|System: Wii||Review Rating Legend|
|Dev: Grasshoper||1.0 - 1.9 = Avoid||4.0 - 4.4 = Great|
|Pub: Ubisoft||2.0 - 2.4 = Poor||4.5 - 4.9 = Must Buy|
|Release: Jan. 22, 2008||2.5 - 2.9 = Average||5.0 = The Best|
|Players: 1||3.0 - 3.4 = Fair|
|Rating: Mature||3.5 - 3.9 = Good|
by Matt Cabral
October 11, 2007 - Back in 2005, the Nintendo GameCube received a creative kick in the polygons with the release of Killer 7. The very mature, super-stylized, and ultra-violent title, about an assassin with multiple personalities and a hunger for his victim's blood, didn't exactly mesh alongside its Nintendo neighbors, Mario and Link. In addition to its decidedly un-family friendly presentation, it was criticized for an intuitive, but unconventional on-rails control scheme. Still, despite Killer 7's alienating traits it did enjoy critical and cult success due mostly to its amazing visual style, bizarre storytelling, and eventual access to a broader, more accepting audience on the PS2.
Developer Grasshopper Manufacture-led by the twisted mind of CEO, Suda 51-has returned to shake things up again with No More Heroes. Sporting a similarly inspired visual approach as Killer 7-think Okami meets Jet Set Radio meets Viewtiful Joe-Suda 51's latest effort will exclusively-and ironically-bring its mature themes to Nintendo's newest fun-for-the-whole-family console. This, of course, is fantastic news for serious gamers searching for a cure to the Wii's mini-game affliction. But those Wii Sport-playing senior citizens that keep popping up in Nintendo's casual-gamer focused marketing campaign may want to sit this one out; No More Heroes is a violent, weird, mind-blowing ride-hold on!
The funky visuals are supported by equally bizarro environments and characters; one boss baddie, dubbed Destroyman, actually dons a lethal beam-shooting cod piece. Players will assume the role of Travis Touchdown, a spiky haired, anime-loving dude who sports some slick, yellow-lensed shades that'd make Bono envious. Travis is a low-level hitman living in the fictional town of Santa Destroy, California. He's looking to rise up the hired-killer ranks by taking out the top 10 assassins; he starts the game as number 11. Selecting missions in any order you like in an open-ended world-which can be navigated on Travis' moped-like ride-you'll gradually encounter and hopefully take out the higher ranking killers. This being a Suda 51 production, you can expect the ensuing battles to be surreal mixtures of nut-job personalities, campy-in-a-good-way dialogueand way-over-the-top violence-fueled action.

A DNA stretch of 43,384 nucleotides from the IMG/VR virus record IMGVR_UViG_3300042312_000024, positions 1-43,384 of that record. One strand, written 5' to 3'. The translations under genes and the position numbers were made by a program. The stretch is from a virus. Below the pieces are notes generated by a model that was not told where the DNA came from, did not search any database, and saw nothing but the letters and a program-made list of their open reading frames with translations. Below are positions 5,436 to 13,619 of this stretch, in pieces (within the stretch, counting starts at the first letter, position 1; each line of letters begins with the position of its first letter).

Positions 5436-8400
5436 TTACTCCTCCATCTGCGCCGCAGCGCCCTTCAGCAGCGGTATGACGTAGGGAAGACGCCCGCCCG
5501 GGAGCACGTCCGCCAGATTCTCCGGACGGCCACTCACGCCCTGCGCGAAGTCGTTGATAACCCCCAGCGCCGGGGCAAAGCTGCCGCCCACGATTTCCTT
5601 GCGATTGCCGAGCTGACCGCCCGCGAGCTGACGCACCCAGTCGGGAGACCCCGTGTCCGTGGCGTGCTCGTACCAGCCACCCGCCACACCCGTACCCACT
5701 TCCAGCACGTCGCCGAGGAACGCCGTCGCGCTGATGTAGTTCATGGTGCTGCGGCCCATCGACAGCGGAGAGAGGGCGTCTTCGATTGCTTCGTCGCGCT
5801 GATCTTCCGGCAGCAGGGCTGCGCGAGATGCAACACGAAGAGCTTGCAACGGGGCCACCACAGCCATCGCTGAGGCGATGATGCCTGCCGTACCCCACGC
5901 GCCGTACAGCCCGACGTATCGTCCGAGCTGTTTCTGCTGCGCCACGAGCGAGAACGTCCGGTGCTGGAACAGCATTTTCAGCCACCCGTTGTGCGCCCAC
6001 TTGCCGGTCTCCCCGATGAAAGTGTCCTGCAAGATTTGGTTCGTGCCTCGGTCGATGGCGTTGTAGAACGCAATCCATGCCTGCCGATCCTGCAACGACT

In fact, utilizing the Wii's motion-sensing tech, the action will take the driver's seat on this wicked ride. Travis' choice weapon-of-stylized-destruction is a plasma-beam katana, sort of a low-tech lightsaber that looks a bit like a fluorescent tube light bulb. Players will rapidly shake the Wii-mote to power up the blade right before unleashing a devastating flurry of attacks. Skilled Wii-mote wielders will even be able to deflect bullets-and groin-based projectile attacks-with the weapon. In an interesting use of the Wii-mote, attacks will hit your opponent based on the height of the peripheral; raise it high to slash at the face and chest, but if blocked, quickly lower it for some below-the-belt damage. In addition to the sword-swinging, quick-reflexed gamers will pull off some old school wrestling moves by following on-screen prompts. An action-packed and sweat-breaking boss fight might unfold with Travis deflecting bullets from afar, before moving in for some serious Wii-mote-waving swordplay, and then finally putting the smackdown on his foe with a neck-breaking finisher.
No More Heroes, while not for all Wii owners-sorry, grandma-is definitely one of the most anticipated titles on the platform. Its brilliant blend of stylized visuals, quirky characters and inventive, immersive gameplay-not to mention Grasshopper's Killer 7 pedigree-should appeal to more seasoned gamers as well as anyone beginning to tire of the Wii's endless mini-game line-up.
CCC Freelance Writer